Broken and locked stone core of the almond tree

The almond tree belongs within the genus Prunus to the subgenus Amygdalus , which some authors also treat as a separate genus Amygdalus . The valid scientific name of the almond in the genus Amygdalus ( Amygdalus communis L.) was first published in 1753 by Carl von Linné in Species Plantarum . Under Prunus 1882 published combination is Prunus communis (L.) Arcang. but not available because this name is the younger homonym of the name Prunus communis Huds , which originated in 1778 . is, which is to be attributed as a synonym of the plum ( Prunus domestica ).

The next available epithet was introduced by Philip Miller in 1768 as Amygdalus dulcis Miller , the combination Prunus dulcis was not published until 1967 by David Allardice Webb . The name Prunus amygdalus Batsch , which is often used in older literature, has lower priority because it was first published in 1801.

Other synonyms for Prunus dulcis (Mill.) DAWebb are: Amygdalus amara Duhamel , Amygdalus sativa Mill.


The species Prunus dulcis (= cultivated almond) is divided into at least three varieties :

  • Prunus dulcis var. Dulcis = sweet almond with sweet-tasting seeds
  • Prunus dulcis var. Fragilis (Borkh.) Buchheim = noisy almond with sweet-tasting seeds, with a thin, brittle skin
  • Prunus dulcis var. Amara (DC.) Buchheim = bitter almond with bitter-tasting seeds that are poisonous even in small quantities

Note : Bitter almonds contain the poison amygdalin , from which the enzyme β-glucosidase produces very toxic hydrocyanic acid (HCN).

Natural distribution and location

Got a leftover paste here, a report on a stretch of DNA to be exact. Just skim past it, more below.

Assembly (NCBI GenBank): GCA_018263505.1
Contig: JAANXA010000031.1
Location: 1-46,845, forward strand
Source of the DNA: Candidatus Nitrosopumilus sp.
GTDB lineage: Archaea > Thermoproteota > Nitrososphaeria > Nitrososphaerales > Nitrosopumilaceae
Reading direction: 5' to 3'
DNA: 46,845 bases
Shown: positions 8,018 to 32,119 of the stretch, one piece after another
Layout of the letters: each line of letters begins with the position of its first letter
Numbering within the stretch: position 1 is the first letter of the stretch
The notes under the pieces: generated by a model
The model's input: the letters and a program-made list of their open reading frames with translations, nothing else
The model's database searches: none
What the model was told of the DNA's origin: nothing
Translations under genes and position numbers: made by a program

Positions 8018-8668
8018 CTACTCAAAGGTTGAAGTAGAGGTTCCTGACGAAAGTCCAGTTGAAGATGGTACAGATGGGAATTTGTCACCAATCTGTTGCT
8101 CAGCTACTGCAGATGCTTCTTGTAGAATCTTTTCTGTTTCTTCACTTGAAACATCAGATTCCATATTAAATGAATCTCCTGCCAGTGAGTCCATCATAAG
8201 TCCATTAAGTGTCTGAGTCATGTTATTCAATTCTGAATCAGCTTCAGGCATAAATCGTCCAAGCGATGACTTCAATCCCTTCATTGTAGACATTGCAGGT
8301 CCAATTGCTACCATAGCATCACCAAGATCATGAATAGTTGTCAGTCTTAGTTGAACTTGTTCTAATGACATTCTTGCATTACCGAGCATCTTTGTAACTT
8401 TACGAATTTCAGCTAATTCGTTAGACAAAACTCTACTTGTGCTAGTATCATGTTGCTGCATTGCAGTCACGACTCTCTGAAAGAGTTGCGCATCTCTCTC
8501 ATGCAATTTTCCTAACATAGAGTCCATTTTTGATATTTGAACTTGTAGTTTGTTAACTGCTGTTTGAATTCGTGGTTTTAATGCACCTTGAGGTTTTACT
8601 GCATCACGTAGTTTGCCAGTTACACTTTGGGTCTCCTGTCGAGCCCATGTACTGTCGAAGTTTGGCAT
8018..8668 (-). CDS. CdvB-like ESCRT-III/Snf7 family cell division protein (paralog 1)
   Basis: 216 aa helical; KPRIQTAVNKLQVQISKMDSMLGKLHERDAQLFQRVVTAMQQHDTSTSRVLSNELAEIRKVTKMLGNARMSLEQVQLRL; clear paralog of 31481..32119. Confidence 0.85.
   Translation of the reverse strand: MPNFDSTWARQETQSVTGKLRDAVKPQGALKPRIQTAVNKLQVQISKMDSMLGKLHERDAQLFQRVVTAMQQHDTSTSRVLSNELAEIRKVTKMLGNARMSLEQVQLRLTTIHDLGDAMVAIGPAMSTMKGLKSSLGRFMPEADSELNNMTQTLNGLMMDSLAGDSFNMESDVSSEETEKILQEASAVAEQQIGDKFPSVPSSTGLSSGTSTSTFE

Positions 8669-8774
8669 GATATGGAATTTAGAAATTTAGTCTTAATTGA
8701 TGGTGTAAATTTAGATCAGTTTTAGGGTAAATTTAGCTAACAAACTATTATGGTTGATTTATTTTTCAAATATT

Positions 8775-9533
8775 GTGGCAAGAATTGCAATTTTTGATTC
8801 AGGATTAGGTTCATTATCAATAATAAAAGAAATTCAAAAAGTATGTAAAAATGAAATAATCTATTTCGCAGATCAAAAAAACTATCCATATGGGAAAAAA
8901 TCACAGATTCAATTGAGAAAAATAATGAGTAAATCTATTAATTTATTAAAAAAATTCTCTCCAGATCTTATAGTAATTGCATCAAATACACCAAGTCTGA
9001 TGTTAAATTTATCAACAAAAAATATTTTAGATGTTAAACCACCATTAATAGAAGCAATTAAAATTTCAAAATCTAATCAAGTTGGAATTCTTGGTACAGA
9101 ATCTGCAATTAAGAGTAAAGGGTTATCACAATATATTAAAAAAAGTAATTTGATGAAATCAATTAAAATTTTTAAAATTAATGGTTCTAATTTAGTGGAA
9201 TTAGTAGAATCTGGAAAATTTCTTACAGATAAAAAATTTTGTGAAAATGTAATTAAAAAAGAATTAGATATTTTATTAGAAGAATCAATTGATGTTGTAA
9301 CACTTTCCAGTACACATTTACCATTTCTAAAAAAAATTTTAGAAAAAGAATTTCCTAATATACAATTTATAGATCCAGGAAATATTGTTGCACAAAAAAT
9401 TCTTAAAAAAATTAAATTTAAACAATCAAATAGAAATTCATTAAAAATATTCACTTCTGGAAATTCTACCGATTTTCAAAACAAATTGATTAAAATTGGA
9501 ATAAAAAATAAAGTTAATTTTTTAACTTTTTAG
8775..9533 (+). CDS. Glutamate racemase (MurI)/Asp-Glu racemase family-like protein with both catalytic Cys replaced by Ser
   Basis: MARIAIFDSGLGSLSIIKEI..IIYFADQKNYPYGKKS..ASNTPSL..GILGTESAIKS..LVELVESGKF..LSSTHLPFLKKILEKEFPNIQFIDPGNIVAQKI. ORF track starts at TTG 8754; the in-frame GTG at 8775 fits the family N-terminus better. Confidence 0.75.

The almond tree is most likely from Southwest Asia; its natural locations are bushes on sunny slopes on stony soils at an altitude of 700 to 1700 m. Wildlife ranges from the Levant to North and East Anatolia , South Caucasus , North Iraq , Iran to South Turkmenistan , Kyrgyzstan and Uzbekistan . However, it is difficult to differentiate between wild and wild occurrences.

In Germany, almond trees were traditionally grown in the Vorderpfalz and the almond harvest was carried out commercially until around 1940. A distinction was made between cracked almonds with a porous, easy-to-crack shell and hard-shelled stone almonds.

In addition, the almond ripens in wine-growing areas in Central Europe : There it was probably introduced by the Romans along with wine . A German variety is the so-called Dürkheimer Krachmandel .

Economical meaning

Around 3.2 million tons of almonds (with shell) were harvested worldwide in 2018. The ten largest producers collectively harvested 90.8% of the world's harvest. The United States of America alone reaped 58.8%.